G Gordon Liddy, mastermind of Watergate burglary, dies aged 90

G Gordon Liddy, a mastermind of the Watergate burglary and a radio talkshow host after emerging from prison, died on Tuesday at age 90.

His son, Thomas Liddy, confirmed the death but did reveal the cause, other than to say it was not related to Covid-19.

Liddy, a former FBI agent and army veteran, was convicted of conspiracy, burglary and illegal wiretapping for his role in the Watergate burglary, which led to the resignation of Richard Nixon. He spent four years and four months in prison, including more than 100 days in solitary confinement.

“I’d do it again for my president,” he said years later.

Liddy was outspoken and controversial, both as a political operative under Nixon and as a radio personality. Liddy recommended assassinating political enemies, bombing a left-leaning thinktank and kidnapping war protesters. His White House colleagues ignored such suggestions.

One of his ventures – the break-in at Democratic headquarters at the Watergate building in June 1972 – was approved. The burglary went awry, which led to an investigation, a cover-up and Nixon’s resignation in 1974.

Liddy also was convicted of conspiracy in the September 1971 burglary of the defense analyst Daniel Ellsberg’s psychiatrist. Ellsberg leaked the secret history of the Vietnam War known as the Pentagon Papers.

After his release, Liddy – with his piercing dark eyes, bushy moustache and shaved head – became a popular, provocative and controversial radio talkshow host. He also worked as a security consultant, writer and actor.

On air, he offered tips on how to kill federal firearms agents, rode around with car tags saying “H20GATE” (Watergate) and scorned people who cooperated with prosecutors.

Born in Hoboken, New Jersey, George Gordon Battle Liddy was a frail boy who grew up in a neighborhood populated mostly by German Americans. From friends and a maid who was a German national, Liddy developed a curiosity about Adolf Hitler and was inspired by listening to Hitler’s radio speeches in the 1930s.

“If an entire nation could be changed, lifted out of weakness to extraordinary strength, so could one person,” Liddy wrote in Will, his autobiography.

Liddy decided it was critical to face his fears and overcome them. At age 11, he roasted a rat and ate it to overcome his fear of rats. “From now on, rats could fear me as they feared cats,” he wrote.

After serving a stint in the army, Liddy graduated from law school at Fordham University and then joined the FBI. He ran unsuccessfully for Congress from New York in 1968 and helped organize Nixon’s presidential campaign in the state.

When Nixon took office, Liddy was named a special assistant serving under the treasury secretary David M Kennedy. Liddy later moved to the White House, then to Nixon’s re-election campaign, where his official title was general counsel.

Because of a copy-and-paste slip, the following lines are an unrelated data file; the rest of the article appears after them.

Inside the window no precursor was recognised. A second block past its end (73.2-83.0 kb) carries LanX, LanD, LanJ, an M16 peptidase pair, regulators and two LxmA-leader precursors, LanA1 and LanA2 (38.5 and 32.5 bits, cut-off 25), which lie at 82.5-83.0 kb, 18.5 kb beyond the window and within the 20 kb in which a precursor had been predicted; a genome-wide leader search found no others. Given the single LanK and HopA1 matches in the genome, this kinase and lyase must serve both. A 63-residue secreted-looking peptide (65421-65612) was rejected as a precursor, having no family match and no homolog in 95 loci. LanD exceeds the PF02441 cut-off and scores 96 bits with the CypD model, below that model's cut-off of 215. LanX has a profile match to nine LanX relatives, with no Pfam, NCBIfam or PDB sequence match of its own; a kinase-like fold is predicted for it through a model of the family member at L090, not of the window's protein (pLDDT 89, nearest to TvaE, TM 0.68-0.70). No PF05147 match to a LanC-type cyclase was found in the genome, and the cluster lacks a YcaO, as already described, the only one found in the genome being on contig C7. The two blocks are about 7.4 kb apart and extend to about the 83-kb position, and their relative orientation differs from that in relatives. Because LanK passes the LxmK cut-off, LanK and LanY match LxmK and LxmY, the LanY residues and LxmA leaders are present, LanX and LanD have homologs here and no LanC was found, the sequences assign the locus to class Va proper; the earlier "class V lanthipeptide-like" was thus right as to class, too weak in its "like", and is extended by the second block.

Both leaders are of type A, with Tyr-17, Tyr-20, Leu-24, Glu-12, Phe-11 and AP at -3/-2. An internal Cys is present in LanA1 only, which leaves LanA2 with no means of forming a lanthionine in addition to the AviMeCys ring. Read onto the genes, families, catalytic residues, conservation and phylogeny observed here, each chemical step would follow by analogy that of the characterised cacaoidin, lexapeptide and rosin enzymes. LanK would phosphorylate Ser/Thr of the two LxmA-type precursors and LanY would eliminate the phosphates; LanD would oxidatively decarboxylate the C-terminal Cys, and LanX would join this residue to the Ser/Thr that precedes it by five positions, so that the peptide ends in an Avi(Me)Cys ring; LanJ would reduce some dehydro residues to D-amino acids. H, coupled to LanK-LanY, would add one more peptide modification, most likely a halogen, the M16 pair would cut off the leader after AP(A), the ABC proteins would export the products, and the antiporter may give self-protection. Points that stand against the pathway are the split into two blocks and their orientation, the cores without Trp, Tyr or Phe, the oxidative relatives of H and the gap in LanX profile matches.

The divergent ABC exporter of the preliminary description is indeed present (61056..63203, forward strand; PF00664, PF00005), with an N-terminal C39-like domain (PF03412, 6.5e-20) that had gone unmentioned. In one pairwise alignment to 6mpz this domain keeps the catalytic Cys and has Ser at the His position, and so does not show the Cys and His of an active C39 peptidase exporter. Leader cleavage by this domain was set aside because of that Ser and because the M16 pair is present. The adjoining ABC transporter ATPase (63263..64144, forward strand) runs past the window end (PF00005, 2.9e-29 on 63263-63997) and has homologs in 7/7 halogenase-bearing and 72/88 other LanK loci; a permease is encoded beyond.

Liddy was head of a team of Republican operatives known as “the plumbers”, whose mission was to find leakers of information embarrassing to the Nixon administration. Among Liddy’s specialties were gathering political intelligence and organizing activities to disrupt or discredit Nixon’s Democratic opponents.

While recruiting a woman to help carry out one of his schemes, Liddy tried to convince her that no one could force him to reveal her identity or anything else against his will. To convince her, Liddy held his hand over a flaming cigarette lighter. His hand was badly burned. The woman turned down the job.

Liddy became known for such offbeat suggestions as kidnapping war protest organizers and taking them to Mexico during the Republican national convention; assassinating the investigative journalist Jack Anderson; and firebombing the Brookings Institution, a left-leaning thinktank in Washington where classified documents leaked by Ellsberg were being stored.

Liddy and his fellow operative Howard Hunt, along with the five arrested at Watergate, were indicted on federal charges three months after the June 1972 break-in. Hunt and his recruits pleaded guilty in January 1973, and James McCord and Liddy were found guilty. Nixon resigned on 9 Augustus 1974.

After the failed break-in attempt, Liddy recalled telling the White House counsel John Dean: “If someone wants to shoot me, just tell me what corner to stand on, and I’ll be there, OK?” Dean reportedly responded, “I don’t think we’ve gotten there yet, Gordon.”

Liddy claimed in an interview with CBS’s 60 Minutes that Nixon was “insufficiently ruthless” and should have destroyed tape recordings of his conversations with top aides.

Liddy learned to market his reputation as a fearless, if sometimes overzealous, advocate of conservative causes. Liddy’s syndicated radio talkshow, broadcast from Virginia-based WJFK, was long one of the most popular in the country. He wrote bestselling books, acted in TV shows including Miami Vice, was a frequent guest lecturer on college campuses, started a private eye franchise and worked as a security consultant. For a time, he teamed on the lecture circuit with an unlikely partner, the 1960s LSD guru Timothy Leary.

Liddy always took pride in his role in Watergate. He once said: “I am proud of the fact that I am the guy who did not talk.”

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